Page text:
An empowering collection of 100 delicious, practical recipes that will teach young adults and kitchen novices how to cook for themselves—from a James Beard Award–winning chef and author.
Acclaimed chef, TV star, and dedicated father Hugh Acheson taught his teenage daughters that cooking is an essential life skill. But he also knew that people don’t need to know how to cook like a chef to feed themselves and their friends. Really, they only need to learn a handful of skills to enjoy a lifetime of cooking.
So, in How to Cook, Hugh distills the cooking lessons that everyone should master into twenty-five basic building blocks: easy-to-grasp recipes that can turn anyone, young or old, into a confident home cook. Each of these recipes teaches a fundamental skill, such as roasting or whisking together a classic vinaigrette, and each stands alone as a stellar back-pocket basic. After laying the groundwork, How to Cook then offers recipes that expand on these foundations, whether it’s remixing the flavors of one of the basic recipes, or combining a couple of them, to show you how you can produce a lifetime’s worth of dishes.
How to Cook is the book Hugh is going to give his kids when they leave home, knowing that with these 100 recipes, they’ll be prepared to feed themselves for the rest of their lives.
‘The book is just meant to be just a good core idea of what food is and how to nourish yourselves. And the difference between nutrition and nourishment is nourishment’s got that emotional component to it that is so beautiful about food. We don’t make memories over pizza pockets.”
Award winning Chef Hugh Acheson; Georgia resident restauranteur, Top Chef judge and hockey fan, took some time to chat about his new book How to Cook.
Booksaboutfood.com(BAF): Your book, it’s somewhat timely in the sense that you’re telling people, giving people’s directions,on how to cook since they are going to be in their house a lot of the time these days.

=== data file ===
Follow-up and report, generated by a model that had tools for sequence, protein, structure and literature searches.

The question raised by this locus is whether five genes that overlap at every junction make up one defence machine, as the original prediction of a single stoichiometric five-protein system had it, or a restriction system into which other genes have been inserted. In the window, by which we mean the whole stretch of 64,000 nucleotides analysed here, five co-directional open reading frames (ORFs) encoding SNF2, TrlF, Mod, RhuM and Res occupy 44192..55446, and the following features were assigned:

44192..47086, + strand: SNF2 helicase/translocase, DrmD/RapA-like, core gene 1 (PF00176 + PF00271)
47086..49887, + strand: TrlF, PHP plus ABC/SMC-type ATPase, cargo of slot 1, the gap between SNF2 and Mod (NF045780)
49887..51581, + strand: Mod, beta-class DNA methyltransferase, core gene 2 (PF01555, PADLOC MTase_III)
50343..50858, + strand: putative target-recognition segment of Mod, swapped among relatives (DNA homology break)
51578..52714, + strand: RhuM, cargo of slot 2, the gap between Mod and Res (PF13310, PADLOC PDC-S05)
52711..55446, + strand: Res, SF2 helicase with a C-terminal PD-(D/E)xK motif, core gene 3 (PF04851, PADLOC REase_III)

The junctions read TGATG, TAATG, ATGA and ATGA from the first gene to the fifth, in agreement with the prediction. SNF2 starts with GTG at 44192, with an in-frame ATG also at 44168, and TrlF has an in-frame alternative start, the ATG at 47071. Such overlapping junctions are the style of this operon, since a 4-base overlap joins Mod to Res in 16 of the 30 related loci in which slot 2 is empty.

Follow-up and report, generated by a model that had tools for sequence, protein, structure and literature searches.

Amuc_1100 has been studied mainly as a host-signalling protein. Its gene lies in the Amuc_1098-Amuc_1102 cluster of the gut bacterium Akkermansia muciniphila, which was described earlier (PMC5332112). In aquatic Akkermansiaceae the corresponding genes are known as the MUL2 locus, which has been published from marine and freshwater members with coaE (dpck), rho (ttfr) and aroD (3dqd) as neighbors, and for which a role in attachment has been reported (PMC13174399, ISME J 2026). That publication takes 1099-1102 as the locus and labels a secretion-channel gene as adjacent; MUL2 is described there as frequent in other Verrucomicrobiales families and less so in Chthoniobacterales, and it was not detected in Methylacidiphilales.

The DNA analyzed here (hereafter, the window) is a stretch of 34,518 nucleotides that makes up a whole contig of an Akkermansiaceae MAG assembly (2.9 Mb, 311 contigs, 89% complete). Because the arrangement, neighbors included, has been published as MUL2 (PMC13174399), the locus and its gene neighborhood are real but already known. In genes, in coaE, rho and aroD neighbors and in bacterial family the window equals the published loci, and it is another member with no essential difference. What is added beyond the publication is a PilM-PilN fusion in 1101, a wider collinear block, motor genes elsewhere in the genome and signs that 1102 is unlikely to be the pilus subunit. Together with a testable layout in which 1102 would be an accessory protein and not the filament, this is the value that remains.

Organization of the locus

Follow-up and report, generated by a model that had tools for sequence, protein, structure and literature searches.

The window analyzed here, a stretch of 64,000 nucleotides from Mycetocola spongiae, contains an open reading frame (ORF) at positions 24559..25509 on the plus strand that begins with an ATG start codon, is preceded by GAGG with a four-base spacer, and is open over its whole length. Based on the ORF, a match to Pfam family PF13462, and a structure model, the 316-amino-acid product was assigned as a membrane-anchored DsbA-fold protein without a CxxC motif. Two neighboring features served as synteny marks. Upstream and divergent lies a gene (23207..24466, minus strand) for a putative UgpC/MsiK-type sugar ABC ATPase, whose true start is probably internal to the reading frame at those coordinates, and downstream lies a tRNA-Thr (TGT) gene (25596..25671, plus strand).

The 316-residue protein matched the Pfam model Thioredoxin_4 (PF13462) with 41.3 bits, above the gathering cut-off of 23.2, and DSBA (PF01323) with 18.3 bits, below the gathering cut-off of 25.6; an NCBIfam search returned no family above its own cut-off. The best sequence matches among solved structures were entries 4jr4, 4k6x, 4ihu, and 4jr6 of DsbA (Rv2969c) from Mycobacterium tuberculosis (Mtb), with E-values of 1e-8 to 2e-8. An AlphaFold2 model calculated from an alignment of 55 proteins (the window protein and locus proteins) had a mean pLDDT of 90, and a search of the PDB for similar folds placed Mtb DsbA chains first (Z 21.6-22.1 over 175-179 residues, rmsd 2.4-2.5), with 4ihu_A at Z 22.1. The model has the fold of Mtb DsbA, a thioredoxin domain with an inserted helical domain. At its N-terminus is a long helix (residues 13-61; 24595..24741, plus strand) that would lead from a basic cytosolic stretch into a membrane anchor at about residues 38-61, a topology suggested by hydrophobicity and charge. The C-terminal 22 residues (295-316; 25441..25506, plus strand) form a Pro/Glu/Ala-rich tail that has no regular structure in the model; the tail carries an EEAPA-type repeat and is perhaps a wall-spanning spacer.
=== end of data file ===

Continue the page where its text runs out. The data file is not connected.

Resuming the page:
Hugh Acheson: Yeah. It’s six months late, I think. But yeah, I mean, it is pretty timely though. And the original genesis of the idea is what do you give to a kid who’s going off to college to make sure they have some sense of ability to nourish themselves? But it’s definitely applicable to a 50 year old person too, who doesn’t have any inkling of how to make food well. And it’s just really meant to diminish this idea that food is utterly complex, is beyond our ability, is inconvenient and expensive. All those things are so easily dismissed and they need to be.
BAF: Well, I was curious about the writing process, because you’re somewhat established, you know what you’re doing, know your way around the kitchen. What was it like? Where do you start? From your point view, was there any introspection in having to go back and start from the beginning?
Hugh Acheson: Yeah I think watching how people cook, how other people cook, and amateurs cook in a kitchen is kind of revelatory. And looking at what sells at the grocery store that is very simply made from scratch, yet have people don’t embark on doing on a regular basis. I mean, salad dressing is a billion dollar industry. Why? I have no idea. Making a salad dressing is the most simple thing in the two in the world. I think we’re just out to figure out how do I create a rudimentary cuisine with this idea of building blocks of technique, pulling people away from recipes and into just possibility of skills? So you can open any fridge and make something.
BAF: There’s some people I know, and you probably do too, that just don’t know how to boil water. How do you get them enthused?
Hugh Acheson: Well, they have no choice now. They have to feed themselves something. So if anything good comes out of a global pandemic, it’s that people are cooking more than ever at home, and that’s interesting to me. I think it’s a generational, it’ll be a massive generational boon to have those skillsets emanating again from households.
BAF: You talked about somebody going off to college. Was that the inspiration? Was one of your kids off to college and they needed a survival manual?
Hugh Acheson: One of my kids is virtually a freshmen this year at University of Toronto, but she is going from here and hopefully she’ll be up there in January after a brief quarantining situation, but that’s understandable. But yeah, it was. I wrote a home ec curriculum for a group that I started a number of years ago that was really meant to highlight, how do you give kids retainable knowledge and food to make their life easier later on? It’s how to roast a chicken, how to make a vinegarette, how to make a salad. And how do you do that in a retainable way? So we did it kind of like building blocks and really revamped this home ec curriculum, and it’s free online, and anybody can go and get it. It’s seedlifeskills.org. And this is kind of an emanation of that. That’s the next step in it. Well, how do you whittle it down to 24 steps that anybody can rearrange into good food.
BAF: You mentioned 24 steps. Apologize, I didn’t get a review copy of the book. So how did you break the recipes down?